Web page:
For the last few weeks, reproductive health and rights advocates have been experiencing a frighteningly familiar sense of dread as they follow a federal lawsuit out of Amarillo, Texas, which aims to yet again roll back abortion rights in the United States.
The lawsuit, Alliance for Hippocratic Medicine v. U.S. Food and Drug Administration, challenges the FDA approval of the abortion medication mifepristone—one of two safe, well-studied drugs used in a medication abortion. The presiding judge Matthew Kacsmaryk is a Trump-appointee with a long history of ruling against abortion, LGBTQIA+ and gender identity rights and upholding attacks on them on religious grounds. At a hearing last week, he indicated openness to undoing FDA approval of mifepristone, and that he would issue his ruling soon.
While the suit frames it as a safety issue, mifepristone has been studied and used for more than 20 years and it is known to be safe—safer than Tylenol and Viagra. With the case, the plaintiffs really aim to eliminate medication abortion, the method used in more than half of abortions. They hope the ruling will trigger a nationwide ban on one of the key tools for medication abortion care—though three leading legal experts say he in fact does not have that power.
After Roe v. Wade was overturned last year, medication abortion became more critical than ever, offering one of the few options left to people living in states where abortion care is nearly impossible to access. Comprehensive sexual and reproductive healthcare including abortion has been under attack and unavailable to many Americans for many years, long before the overturning of Roe. But recent coordinated attacks on mifepristone have made things worse.
Rollbacks in reproductive rights are felt disproportionately by those who are already most marginalized in the healthcare system: Black, brown, Indigenous, LGBTQI+, immigrants, those with low incomes, people with disabilities, young people, and those at multiple intersections of these identities. While they bear the brunt of the worst effects, the damage to reproductive rights is by no means limited to these individuals; it adds up to a systemic failure that erodes reproductive rights for all of us. More than half of U.S. states outright failed rePROs Fight Back’s recent report card on reproductive health and rights.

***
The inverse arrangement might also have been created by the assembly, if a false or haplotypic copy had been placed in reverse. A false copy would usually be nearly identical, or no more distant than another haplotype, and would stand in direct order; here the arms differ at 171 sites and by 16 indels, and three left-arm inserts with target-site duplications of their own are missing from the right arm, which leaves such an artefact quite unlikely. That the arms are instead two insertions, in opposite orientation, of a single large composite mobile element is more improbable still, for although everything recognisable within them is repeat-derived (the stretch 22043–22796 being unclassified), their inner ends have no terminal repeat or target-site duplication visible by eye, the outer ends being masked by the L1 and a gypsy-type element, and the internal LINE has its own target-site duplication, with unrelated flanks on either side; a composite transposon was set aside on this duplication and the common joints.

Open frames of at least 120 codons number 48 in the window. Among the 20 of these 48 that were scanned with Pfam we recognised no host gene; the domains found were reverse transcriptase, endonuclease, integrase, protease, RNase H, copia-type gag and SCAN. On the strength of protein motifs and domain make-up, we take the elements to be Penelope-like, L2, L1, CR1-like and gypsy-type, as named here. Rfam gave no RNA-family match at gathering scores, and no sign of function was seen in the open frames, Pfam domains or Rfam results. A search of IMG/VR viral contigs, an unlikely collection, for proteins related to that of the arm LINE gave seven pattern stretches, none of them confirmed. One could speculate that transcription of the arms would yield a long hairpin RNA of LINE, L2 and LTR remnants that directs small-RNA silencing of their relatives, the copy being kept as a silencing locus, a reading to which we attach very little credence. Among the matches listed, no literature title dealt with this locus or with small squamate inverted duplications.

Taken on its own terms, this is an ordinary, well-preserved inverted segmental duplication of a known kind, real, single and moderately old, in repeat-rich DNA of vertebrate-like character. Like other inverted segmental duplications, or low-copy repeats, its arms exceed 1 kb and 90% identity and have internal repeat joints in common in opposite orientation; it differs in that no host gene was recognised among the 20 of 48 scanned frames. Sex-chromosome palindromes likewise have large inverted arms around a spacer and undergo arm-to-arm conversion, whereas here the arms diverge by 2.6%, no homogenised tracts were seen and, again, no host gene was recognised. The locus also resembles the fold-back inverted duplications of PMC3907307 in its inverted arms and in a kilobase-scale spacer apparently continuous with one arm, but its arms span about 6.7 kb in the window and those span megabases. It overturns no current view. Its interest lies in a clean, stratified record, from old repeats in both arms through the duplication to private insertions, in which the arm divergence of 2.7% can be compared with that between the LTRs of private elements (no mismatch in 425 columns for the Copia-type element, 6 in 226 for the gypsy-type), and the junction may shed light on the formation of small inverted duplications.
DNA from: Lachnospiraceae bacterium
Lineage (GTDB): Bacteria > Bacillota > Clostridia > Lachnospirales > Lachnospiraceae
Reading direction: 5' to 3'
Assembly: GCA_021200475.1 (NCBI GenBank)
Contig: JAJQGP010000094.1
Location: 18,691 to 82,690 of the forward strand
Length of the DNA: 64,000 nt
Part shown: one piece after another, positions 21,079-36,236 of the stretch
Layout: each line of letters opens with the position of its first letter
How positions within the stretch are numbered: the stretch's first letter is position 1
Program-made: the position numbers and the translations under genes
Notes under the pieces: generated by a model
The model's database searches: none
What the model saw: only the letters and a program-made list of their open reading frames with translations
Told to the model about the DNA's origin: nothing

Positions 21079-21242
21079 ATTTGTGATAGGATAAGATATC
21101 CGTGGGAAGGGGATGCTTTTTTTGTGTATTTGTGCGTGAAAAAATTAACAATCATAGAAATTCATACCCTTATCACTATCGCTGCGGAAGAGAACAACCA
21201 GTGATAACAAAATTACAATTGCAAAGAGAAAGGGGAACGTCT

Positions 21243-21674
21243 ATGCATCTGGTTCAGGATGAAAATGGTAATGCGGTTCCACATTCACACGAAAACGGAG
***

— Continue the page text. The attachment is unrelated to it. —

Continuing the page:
Today, 18 million women in the 14 states already have bans or severe restrictions on the books, plus transgender and nonbinary people, must travel out of state and sometimes across multiple states to access abortion care—and that number may soon explode. In the wake of the Dobbs decision overturning Roe, a total of 24 states are expected to ban abortion in the near future.
I have personally interviewed leaders and advocates across the country about the dismal and disparate status of reproductive health and rights across in different states—for example, Alabama and Texas. This is a justice issue deeply intertwined with racial justice, economic justice, immigrant justice and more. In particular, young people’s rights to bodily autonomy and education are disregarded.
Many states have no mandate for sex education in public schools. Only 17 states require sex education to be medically accurate. Many states use abstinence-only curriculum, which has been proven to be as ineffective as it is detrimental.
This slide in reproductive rights won’t stop here. The assault on evidence-based sex education, family planning, gender-affirming care and LGBTQIA+ rights has been relentless, and the anti’s have no intention of slowing down. The recent loss of abortion rights will only embolden them in their fight. Birth control, gender-affirming care and LGBTQIA+ rights are clearly next. Those who live in states where abortion is protected and feel confident that their access to care won’t change should think again.
If anti-abortion forces succeed in Alliance for Hippocratic Medicine v. U.S. Food and Drug Administration, Kacsmaryk may try to order the FDA to follow the withdrawal process and attempt to force mifepristone off the market nationwide—meaning that even those who live in a state where abortion is legal and protected will not be able to access it.
(Granted, the final decision to remove mifepristone from the market will be left in the FDA’s hands, David Cohen of Drexel Kline School of Law told Ms. “If the judge declares the drug was unlawfully approved, it’s now an unapproved drug. But it’s up to the FDA to enforce that. … The ruling may result in mifepristone being taken off the market. Absolutely. If the FDA is scared of the political pressure of not acting on an unapproved drug and Danco says, it’s too risky, we’re going to take it off the market, that may be the result. But that’s not a necessary result. And we shouldn’t say that it’s the judge who’s doing this.”)
In a post-Roe United States, we should look to the reproductive justice movement created and led by Black women for the future we want and how to build it. The ability to live freely, plan families and parent children in safe and sustainable communities requires states to empower people on many levels. They need access to safe housing, nutrition, economic opportunities, as well as reproductive care, to live healthy, happy lives informed by their own choices. We are far from that vision today. Banning mifepristone would only put it that much farther out of reach.